Payless is working on a restructuring plan that could entail closing as many as 1,000 stores, Bloomberg reports. A Payless spokesperson declined to comment to Retail Dive on the report.
If the footwear retailer can’t come to new terms with its lenders, it may file for Chapter 11 bankruptcy protection, according to the report. The company has tapped law firm Kirkland & Ellis LLP to help explore its options in light of its $600 million debt load, Reuters first reported last month.
Payless last year had announced it would shutter some 500 stores as it planned a new brick-and-mortar strategy emphasizing its super-store format over its smaller mall-based stores.
Payless, founded in 1956 in Topeka, KS, disrupted shoe retail by introducing a no-frills, self-service approach that allowed for lower prices. The concept was a hit with customers, but it’s no longer a new one, as the old-fashioned shoe salesperson who measures feet is now relegated to department stores and some specialty stores.
Payless is yet another victim of a debt-pile on from private equity owners. The retailer was bought in 2012 by private equity firms Blum Capital and Golden Gate after they and footwear company Wolverine took its parent company (Collective Brands) private. Wolverine now runs the Sperry Top-Sider, Stride Rite and Keds brands as a result of that deal.
Bankrupt apparel retailers The Limited, Wet Seal and J. Crew have also stumbled under the debt loads heaped upon them by their respective private equity owners. “These poor apparel chains end up one way or another in the hands of private equity — and in the end, there’s no company, no stores, no employees, and the private equity made money,” Howard Davidowitz, chairman of New York City-based retail consulting and investment banking firm Davidowitz & Associates, told Retail Dive earlier this year. “Congratulations. That’s how it works.”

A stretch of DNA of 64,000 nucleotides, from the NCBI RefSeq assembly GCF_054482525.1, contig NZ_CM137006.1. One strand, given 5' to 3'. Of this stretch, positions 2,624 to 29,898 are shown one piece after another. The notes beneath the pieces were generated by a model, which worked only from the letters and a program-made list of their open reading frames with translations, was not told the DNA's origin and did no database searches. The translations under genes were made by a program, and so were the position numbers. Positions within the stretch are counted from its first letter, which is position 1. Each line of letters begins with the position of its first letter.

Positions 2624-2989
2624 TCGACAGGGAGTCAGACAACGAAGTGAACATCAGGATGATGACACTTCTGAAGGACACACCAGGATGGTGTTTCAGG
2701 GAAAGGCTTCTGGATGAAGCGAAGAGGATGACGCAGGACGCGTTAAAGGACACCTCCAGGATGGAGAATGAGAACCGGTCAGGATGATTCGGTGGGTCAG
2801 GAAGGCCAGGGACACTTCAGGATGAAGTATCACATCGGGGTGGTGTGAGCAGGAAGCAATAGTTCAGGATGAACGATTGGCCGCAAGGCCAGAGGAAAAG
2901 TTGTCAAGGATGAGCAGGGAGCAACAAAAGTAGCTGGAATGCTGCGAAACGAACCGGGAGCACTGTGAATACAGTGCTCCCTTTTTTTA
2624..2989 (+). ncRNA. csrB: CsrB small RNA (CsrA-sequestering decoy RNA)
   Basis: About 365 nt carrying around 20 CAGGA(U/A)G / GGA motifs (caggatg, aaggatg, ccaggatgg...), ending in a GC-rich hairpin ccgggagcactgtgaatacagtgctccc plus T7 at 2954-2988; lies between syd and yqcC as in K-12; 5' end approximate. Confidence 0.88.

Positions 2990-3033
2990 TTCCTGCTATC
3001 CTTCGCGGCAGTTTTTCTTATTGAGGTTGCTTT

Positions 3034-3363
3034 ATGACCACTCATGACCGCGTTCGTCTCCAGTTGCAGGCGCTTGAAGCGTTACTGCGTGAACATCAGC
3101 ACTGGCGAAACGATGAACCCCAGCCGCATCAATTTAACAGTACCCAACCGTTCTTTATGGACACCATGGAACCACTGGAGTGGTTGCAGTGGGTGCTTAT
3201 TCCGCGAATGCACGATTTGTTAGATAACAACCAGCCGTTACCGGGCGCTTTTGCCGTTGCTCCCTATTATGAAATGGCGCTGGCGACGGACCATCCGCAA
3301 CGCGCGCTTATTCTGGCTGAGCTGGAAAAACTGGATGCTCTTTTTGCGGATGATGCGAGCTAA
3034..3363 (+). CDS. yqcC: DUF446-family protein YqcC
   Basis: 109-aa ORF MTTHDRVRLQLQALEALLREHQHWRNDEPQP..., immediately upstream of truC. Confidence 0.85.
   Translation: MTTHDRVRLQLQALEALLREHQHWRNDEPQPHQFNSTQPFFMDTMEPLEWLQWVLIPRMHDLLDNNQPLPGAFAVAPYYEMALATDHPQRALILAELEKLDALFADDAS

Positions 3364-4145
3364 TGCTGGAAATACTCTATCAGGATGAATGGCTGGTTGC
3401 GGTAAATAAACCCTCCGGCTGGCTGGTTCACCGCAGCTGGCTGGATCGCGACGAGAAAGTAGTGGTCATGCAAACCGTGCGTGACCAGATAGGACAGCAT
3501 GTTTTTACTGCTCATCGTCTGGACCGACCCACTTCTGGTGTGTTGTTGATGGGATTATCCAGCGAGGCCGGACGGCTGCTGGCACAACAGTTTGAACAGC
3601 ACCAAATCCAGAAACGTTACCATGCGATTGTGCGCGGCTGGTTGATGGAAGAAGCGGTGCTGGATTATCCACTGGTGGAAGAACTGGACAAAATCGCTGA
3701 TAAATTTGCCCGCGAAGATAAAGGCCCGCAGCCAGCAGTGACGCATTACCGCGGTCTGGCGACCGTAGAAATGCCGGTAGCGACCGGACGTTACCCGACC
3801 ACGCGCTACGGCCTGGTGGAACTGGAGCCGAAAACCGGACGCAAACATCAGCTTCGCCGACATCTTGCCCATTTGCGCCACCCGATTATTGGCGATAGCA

In January, Limited Stores owner Sun Capital told investors that despite the apparel chain's closure, it made back its original $50 million 1.8 times over due to prior distributions and dividends, and will write down the remaining equity value of Limited Stores to zero.
Payless’s outstanding $520 million senior debt is quoted around 52 cents on the dollar, and its $145 million junior loan is quoted at some 16 cents on the dollar, sources told Reuters in January. Portions of those loans went to pay out a dividend to Blum Capital and Golden Gate, according to that report. Moody’s Investors Service in February cut the retailer’s rating and outlook, based on its declining performance and debt pressure.